Exclusive Interview: ‘LEVERAGE’ EXECUTIVE PRODUCER/DIRECTOR DEAN DEVLIN HITS A HOME RUN WITH THE TWO-PART SEASON FINALE – PART 1
iF has the scoop on Devlin’s favorite episodes, where the season is heading and Jeri Ryan as Tara
By CARL CORTEZ, Contributing Editor
Published 2/10/2010 (Source)
Season Two of LEVERAGE is coming to a close with the two-part season finale, so it was about time we caught up with executive producer Dean Devlin (who also directed these episodes) to get the scoop on what we’ve seen and where everything is going into the home stretch.
“The Three Strikes Job” which airs tonight at 10:00 on TNT, finds the team trying to take down a corrupt mayor while stealing a baseball game and while Devlin didn’t want to spoil the surprises in store for the next two weeks, in this exclusive interview, he discusses the growth of LEVERAGE in Season Two, the temporary addition of Jeri Ryan as Tara and what his favorite episodes have been.
iF MAGAZINE: Let’s talk about the two-part season finale.
DEAN DEVLIN: It was one of these where we wanted to go out with a bang. We wanted to end Season Two with something really memorable. We were very proud of the two-part season finale in the first season. There was a general feeling that we couldn’t beat it. And I kept saying, “we’ve got to beat it.” And John came up with this show that was really big, and it was bigger than we could afford. We called the network and said, “we need some extra money to pull it off, what do you think?” And they said, “we’ll give you a little extra to pull it off,” and getting that extra support gives us the chance to do a little more.
iF: What did you spend the extra money on?
DEVLIN: You’re going to see big crowd scenes, lots of extras, giant sets and a lot of locations. We have things blowing up and people jumping off buildings. We have the gamut of all the “cake” from all our episodes rolled into one.
iF: You do get away with a lot with your budget.
DEVLIN: I’ve been reading a lot of articles about other shows where they’re saying “what a tight budget and we have to shoot it in only eight days with almost $3 million.” We have to shoot this show in seven days, with under $2 million dollars per episode and our show is bigger than any show on cable television. There is no show that does per week, what we do and we have the smallest budget than any other show.
iF: Can you talk about what the stakes are in “The Three Strikes Job?”
DEVLIN: Over the course of the year, we’ve introduced this idea that our characters need to find out who they are and it’s going to come to a head. The Sophie/Nate relationship got very complicated this year. She had a boyfriend and had to leave to find herself. While I say that doesn’t get completely resolved, that relationship does come to a head in the two-part season finale. And a lot of questions about Tara come to head. A lot of the arcs we were building in the background will all collide in the end and Eliot’s true feelings about baseball will be uncovered.
iF: What’s being stolen in the last two episodes.
DEVLIN: I can’t really say. The underlying victim in our two-part season finale is someone we know and we don’t do that, that often. That storyline is what drives the two-part season finale and hopefully it will be a surprise for people since it’s someone they’ve fallen in love with over the course of the show.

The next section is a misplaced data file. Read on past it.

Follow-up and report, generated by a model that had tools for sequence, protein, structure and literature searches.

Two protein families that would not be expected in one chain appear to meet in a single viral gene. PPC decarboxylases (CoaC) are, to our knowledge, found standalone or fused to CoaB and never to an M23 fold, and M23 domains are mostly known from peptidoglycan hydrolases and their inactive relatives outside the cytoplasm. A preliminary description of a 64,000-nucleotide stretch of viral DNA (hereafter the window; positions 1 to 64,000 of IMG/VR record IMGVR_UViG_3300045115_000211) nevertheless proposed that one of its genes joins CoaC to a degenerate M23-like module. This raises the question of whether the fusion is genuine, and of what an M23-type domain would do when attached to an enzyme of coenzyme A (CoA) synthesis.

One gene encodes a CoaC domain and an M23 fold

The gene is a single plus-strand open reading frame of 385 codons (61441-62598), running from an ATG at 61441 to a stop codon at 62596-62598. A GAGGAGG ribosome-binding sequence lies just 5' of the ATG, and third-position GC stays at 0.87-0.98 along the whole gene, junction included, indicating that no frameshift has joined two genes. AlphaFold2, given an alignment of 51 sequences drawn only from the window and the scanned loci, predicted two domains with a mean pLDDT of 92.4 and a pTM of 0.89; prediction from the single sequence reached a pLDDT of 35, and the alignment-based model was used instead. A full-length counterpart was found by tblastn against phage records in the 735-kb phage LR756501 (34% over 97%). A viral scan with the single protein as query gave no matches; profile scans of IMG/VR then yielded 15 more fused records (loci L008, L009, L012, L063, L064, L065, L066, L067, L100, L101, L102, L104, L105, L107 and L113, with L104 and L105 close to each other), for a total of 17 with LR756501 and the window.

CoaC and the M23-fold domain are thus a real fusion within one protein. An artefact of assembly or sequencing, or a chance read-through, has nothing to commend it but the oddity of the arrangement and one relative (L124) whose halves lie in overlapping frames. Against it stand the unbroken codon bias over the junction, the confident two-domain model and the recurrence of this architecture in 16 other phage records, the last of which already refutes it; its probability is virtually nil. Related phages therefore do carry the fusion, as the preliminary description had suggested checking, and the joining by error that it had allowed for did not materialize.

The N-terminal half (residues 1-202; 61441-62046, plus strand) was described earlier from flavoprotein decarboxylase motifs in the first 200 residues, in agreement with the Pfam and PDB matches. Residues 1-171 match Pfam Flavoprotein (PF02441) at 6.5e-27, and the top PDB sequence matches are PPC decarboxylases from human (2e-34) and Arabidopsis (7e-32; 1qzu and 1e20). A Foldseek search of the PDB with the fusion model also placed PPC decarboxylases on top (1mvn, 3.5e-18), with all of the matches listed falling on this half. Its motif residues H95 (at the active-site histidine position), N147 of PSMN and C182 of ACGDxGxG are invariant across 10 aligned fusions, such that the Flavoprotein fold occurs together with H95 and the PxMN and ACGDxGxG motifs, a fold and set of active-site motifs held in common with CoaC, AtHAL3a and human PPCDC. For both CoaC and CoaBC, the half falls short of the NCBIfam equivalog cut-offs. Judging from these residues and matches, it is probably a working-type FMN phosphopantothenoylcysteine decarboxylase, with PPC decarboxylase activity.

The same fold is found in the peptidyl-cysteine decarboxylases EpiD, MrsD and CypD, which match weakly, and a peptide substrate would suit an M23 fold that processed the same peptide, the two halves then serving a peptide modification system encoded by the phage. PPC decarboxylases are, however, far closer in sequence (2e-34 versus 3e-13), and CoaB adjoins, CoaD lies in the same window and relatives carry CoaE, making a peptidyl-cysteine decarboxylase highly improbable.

iF: What were some of the surprises you found as the season went on that you didn’t expect when the season began?
DEVLIN: The biggest surprise was Gina [Bellman] showing up pregnant. That really changed a lot of what we had planned to do with story arcs. It was actually an exciting creative experience. We literally threw out the entire plan for the year and had to rework it on the fly. What they say about “necessity is the mother of invention” is true. This show really came out great this season and a lot of it had to do with being forced into re-evaluating what the season was about. In a way, Season One was Nate and his son and how that affected him and how he’s trying to keep this team together if they’re splitting apart. Season Two was really more about the team trying to keep Nate together as Nate is falling apart. The entire arc of the show for all the characters, Nate especially, is “If we’re not who we used to be, who are we now?” and that climax is in the season finale for Nate. All of them have to re-evaluate who they are in this world.
iF: What was the original plan for Season Two then?
DEVLIN: The original plan for Season Two will now be Season Three.
iF: Jeri Ryan’s Tara character seems to have polarized fans.
DEVLIN: Any time a new character joins a show, you have the step-mom effect. No matter how nice step-mom is, she’s not mom. People love mom and want to defend mom. If you go to Facebook and Twitter, the first couple of episodes they were against her, they warmed up to her and the last couple of episodes they begrudgingly said, “oh, she’s not so bad.” And today, I got a bunch of questions about “will she back in Season Three.” Jeri did a great job winning over the cast and crew and winning over the audience as well. I think by the time we get to the season finale, people will really be in love with that character.